Argentina Patagonia Landscape
Photo: Larisa Blinova/Shutterstock.com

5 Surprising Reasons Why Patagonia Should Be Your Next Family Trip

When you think of Patagonia as a travel destination, you’re probably imagining rugged peaks, 12-hour hiking days, and strenuous hours of trekking for scenic vistas.

You’re not wrong — but you’re thinking of Chile, not Argentina. 

Of course, there are rugged, inaccessible, and challenging areas of Argentine Patagonia, too — it’s a region encompassing 260,000 square miles — but visiting Los Glaciares National Park, home to iconic peaks like Mt. Fitz Roy, is a great choice for active families looking for easy, accessible, and gorgeous adventures. 

Here’s why Argentine Patagonia is the surprising family-friendly destination you should add to your bucket list:

Live Like a Cowboy

Photo: William Voigt

Argentine Patagonia is largely made up of steppe, glaciers, and grassland, more similar to the American West. Similar to Wyoming, you’ll find rolling hills full of grazing cattle, horses, and sheep, with craggy peaks as a distant backdrop. That’s probably why infamous outlaws Butch Cassidy and the Sundance Kid laid low in the Cholila Valley and felt at home there between 1900 and 1905.

Your kids will love the gaucho (cowboy) lifestyle, too, which is at the heart of Patagonian culture. Saddle up for horseback riding, go fishing or kayaking in the Las Vueltas River, or simply relax at a family-run estancia and get a slice of what it’s really like to live in the pampas (grasslands) of Patagonia.

Lodging Choices for Every Type of Traveler

Base your trip around the sleepy town of El Chaltén at Los Glaciares National Park. Choose from accommodations from glamping with Patagonia Eco Domes or more traditional hotels like Hosteria Sanderos. You won’t have to choose between roughing it and access to trailheads or other excursions if you stay in town — most trails are within walking distance!

If you want more of a resort feel, stay at lodges that dot the park, lounging in a wood-fired hot tub at Laguna Condor’s mountain lodge or spending a few days living the simpler life at Estancia La Quinta.

Accessible Day Hiking

Photo: William Voigt

You would think that hikes up to iconic peaks like Mt. Fitz Roy or Cerro Torre would be challenging, but that’s the best part of Argentine Patagonia. The trails up to Laguna Torre (5 to 7 hours) and Laguna de Los Tres (8 to 10 hours) are well-marked and maintained, with easy ups and downs. If your family is accustomed to hiking, these trails offer jaw-dropping views, easy stopping points, and plenty of fun. (If they’re not experienced hikers, that’s okay! Luckily, there are great views along the way, meaning you can turn around at any point.)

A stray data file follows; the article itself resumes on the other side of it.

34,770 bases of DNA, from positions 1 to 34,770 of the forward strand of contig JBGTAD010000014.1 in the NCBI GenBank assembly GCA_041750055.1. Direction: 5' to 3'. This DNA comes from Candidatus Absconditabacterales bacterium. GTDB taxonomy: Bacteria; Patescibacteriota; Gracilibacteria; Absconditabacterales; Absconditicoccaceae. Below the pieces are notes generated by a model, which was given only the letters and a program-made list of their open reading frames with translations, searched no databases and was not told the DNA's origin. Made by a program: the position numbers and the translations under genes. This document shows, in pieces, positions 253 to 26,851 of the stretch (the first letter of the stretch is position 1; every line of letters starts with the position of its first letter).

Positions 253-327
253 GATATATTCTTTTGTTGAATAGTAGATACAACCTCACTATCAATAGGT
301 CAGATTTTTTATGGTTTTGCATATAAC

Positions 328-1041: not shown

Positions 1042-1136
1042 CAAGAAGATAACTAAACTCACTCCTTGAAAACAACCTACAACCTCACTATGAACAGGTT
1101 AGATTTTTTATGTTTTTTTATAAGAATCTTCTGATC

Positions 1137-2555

Cuisine to Please Picky Eaters

Argentine cuisine is known for its parrillas, or steakhouses, and you’ll find plenty of familiar dishes there to satisfy little ones. Most, like El Muro or Parilla La Oveja Negra, offer various cuts of beef and potatoes, as well as seafood or chicken. Try empanadas and other more traditional Argentine dishes at a family-run Parador.

More than 60 percent of Argentines claim Italian ancestry, meaning picky eaters who won’t eat anything but carbohydrates are all set. You can find delicious homemade pasta at Maffia Trattoria, as well as milanesas, a South American combination of Italian milanese and German schnitzel. (Translation: chicken fingers for everyone!)

A Crash Course in Geology

Photo: William Voigt

It’s not called Los Glaciares National Park for nothing. The Perito Moreno Glacier, a UNESCO World Heritage Site measuring 121 square miles, is one of the few glaciers left in the world today that’s still growing. You can get ridiculously close to this stunning 240-foot tower of ice by taking a boat cruise or just romping around the sections of bridges and sidewalks that allow for prime glacier viewing at the Visitor Center (cue the “oohs” and “aahs”).

Since it’s a few hours away from El Chalten, it’s a great excursion to close out your Patagonia trip, since it’s not far from El Calafate International Airport, where you can continue on to Buenos Aires or head home, wherever that may be.

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Kayla Voigt
Always in search of adventure, Kayla Voigt hails from Hopkinton, Massachusetts, the start of the Boston Marathon. You can usually find her at the summit of a mountain or digging into a big bowl of pasta. Say hi on Instagram @klvoigt.